You made excellent points about when there’s discussions going on, who speaks more often? It seems like whenever there’s an issue going on, if the male counterpart is speaking, they’re called “assertive” having “leadership skill.” One of the challenges I’ve seen is that if you’re being assertive as a female, then you get the label. That’s something we have to fight in medicine. I’m sure that’s true of other professions as well because there are certain stereotypical expectations we have of the gender.

Dr. Ghazal: Totally. You can show the same level of assertiveness, and as a woman you’d be “bossy” and “difficult to deal with,” but as a man, it’s “great leadership ability” and “very direct.” It just spins it into a positive. I’m curious, you both shared some experiences with seeing these all-male panels, the “manels,” as I put into the chat. Have any of you been in a situation where you were invited to speak at a conference and you wanted to see who the other speakers where, whether it’s because you wanted to make sure that there was representation for your specific area of medicine or representation for women? I’ve had to have difficult conversations and think about how to strategically go about communicating that I don’t want to be an “only” up there. I shouldn’t be just a checkbox on something.

Dr. Kaur: I think we’re all very junior members in terms of the academic ladder, so I would say that I personally haven’t been in that situation where I’m the only one. I’ve had great champions. Some of my greatest cheerleaders are “He for She” mentors. My mentor at UT Southwestern, Larry Anderson, has recommended me for committees or recommended me for a trial even though I was a very junior faculty member. We definitely have that. So far, I haven’t been part of such situations where there’s only one female, but I do know of other women physicians and leaders in our fields who’ve been in those situations, and they’ve advocated for such changes.

Dr. Thakur: Dr. Kaur, I think you also brought up a really good point about leadership and mentorship. What have you guys found that’s been really helpful with sponsorship or leadership? How have you guys sought out opportunities? I think sometimes it’s just very hard to move up to the next step, and having someone’s experience as advice for what you can do to move on to the next step is really valuable.

Dr. Kaur: I think I’ve found mentors in different places at different times of life. I have Larry Anderson, who’s one of my mentors at UT Southwestern, but I’ve also had mentors elsewhere who have I reached out to discuss opportunities, what my research interests are, and if it’s in line, if I can grow that. I think you just have to be willing to reach out to people, and sometimes you may not get the response that you want, but that’s worked for me. I wouldn’t say I have one particular mentor; I think I have a tribe of women that I go to for support. I have friends and mentors who are in different academic institutions—some are in medicine, and some are actually not even in medicine—who know how to navigate these things and who are good and effective leaders. That’s helped me out. I think seeking out other people who you may have something in common with actually helps you advance your cause.

Dr. Ghazal: I use the word “sponsor” for someone who really puts your name out there, suggests you for things, or says, “There’s an ASCO podium talk, I want you to do this. You should put your name in there.” I didn’t realize the extent of that person until my post-doc fellowship, when the director of my post-doc fellowship was able to serve in that role as a sponsor. It’s valuable to have someone who you can say to, “I want these opportunities. If there’s ever an opportunity, can you please bring my name up? Can you please put my name out there to be on a committee or speak?” There’s a lot of power that comes into that relationship, which is really different from a mentor or a collaborator. Have any of you had those really special sponsor experiences?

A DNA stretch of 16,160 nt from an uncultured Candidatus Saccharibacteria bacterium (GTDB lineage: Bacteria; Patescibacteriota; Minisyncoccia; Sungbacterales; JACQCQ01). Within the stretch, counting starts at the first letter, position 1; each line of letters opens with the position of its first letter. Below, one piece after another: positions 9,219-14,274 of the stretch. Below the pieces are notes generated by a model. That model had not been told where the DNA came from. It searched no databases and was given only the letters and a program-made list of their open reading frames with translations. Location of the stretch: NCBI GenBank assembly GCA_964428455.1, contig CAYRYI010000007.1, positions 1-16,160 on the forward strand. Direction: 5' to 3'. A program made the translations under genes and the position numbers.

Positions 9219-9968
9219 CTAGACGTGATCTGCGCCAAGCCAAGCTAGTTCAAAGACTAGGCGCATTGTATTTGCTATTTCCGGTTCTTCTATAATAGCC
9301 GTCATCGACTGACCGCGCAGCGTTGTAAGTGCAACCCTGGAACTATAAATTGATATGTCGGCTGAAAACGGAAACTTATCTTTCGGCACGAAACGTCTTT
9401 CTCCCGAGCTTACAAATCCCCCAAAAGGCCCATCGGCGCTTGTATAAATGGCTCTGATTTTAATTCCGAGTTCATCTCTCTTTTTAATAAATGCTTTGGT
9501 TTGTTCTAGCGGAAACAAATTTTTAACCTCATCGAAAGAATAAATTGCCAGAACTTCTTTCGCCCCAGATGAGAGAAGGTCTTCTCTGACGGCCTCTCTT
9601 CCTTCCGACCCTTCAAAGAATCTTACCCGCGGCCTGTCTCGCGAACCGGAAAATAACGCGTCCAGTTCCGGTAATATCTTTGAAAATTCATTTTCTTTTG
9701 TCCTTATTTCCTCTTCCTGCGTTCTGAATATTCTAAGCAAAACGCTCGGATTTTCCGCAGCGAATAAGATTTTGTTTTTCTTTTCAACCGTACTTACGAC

Dr. Kaur: I like the way you have put it. I think it was Richa who brought up the sponsorship part too. I’ve had friends who’ve used the word “sponsor,” and I didn’t really get it; to me, it was sort of equivalent to a mentor, but I do get it now. There is a distinction. Sometimes your mentor could be your sponsor, and other times, your mentor is not going to be your sponsor. They have two different expectations, and the relationship is going to be different, so you have to seek it out. For me, social media has been wonderful. I’ve had a chance to collaborate with people on research projects. Rahul Banerjee, who is our Editor in Chief, has become a great friend. We collaborate and there’s a lot of encouragement on his part. So, you just seek people out in different spaces.

Keira Smith: Absolutely, I love these points that you all have made. These are all such fantastic insights. I’d love to hear some more as well about ways that you personally have come across that help to overcome the obstacles or these biases that you’ve experienced. Richa, for example, you mentioned imposter syndrome. Is there anything that you personally have found that can help you overcome that? Or as far as things like the gender pay gap, Lauren, I know you do a lot of public advocacy work. Are there things like that which you’ve done to get your voice into the field? Or any tips you might have to share for other women who are either currently in your field or who are starting to embark on their careers in this field that you would like to share with them, especially in light of International Women’s Day?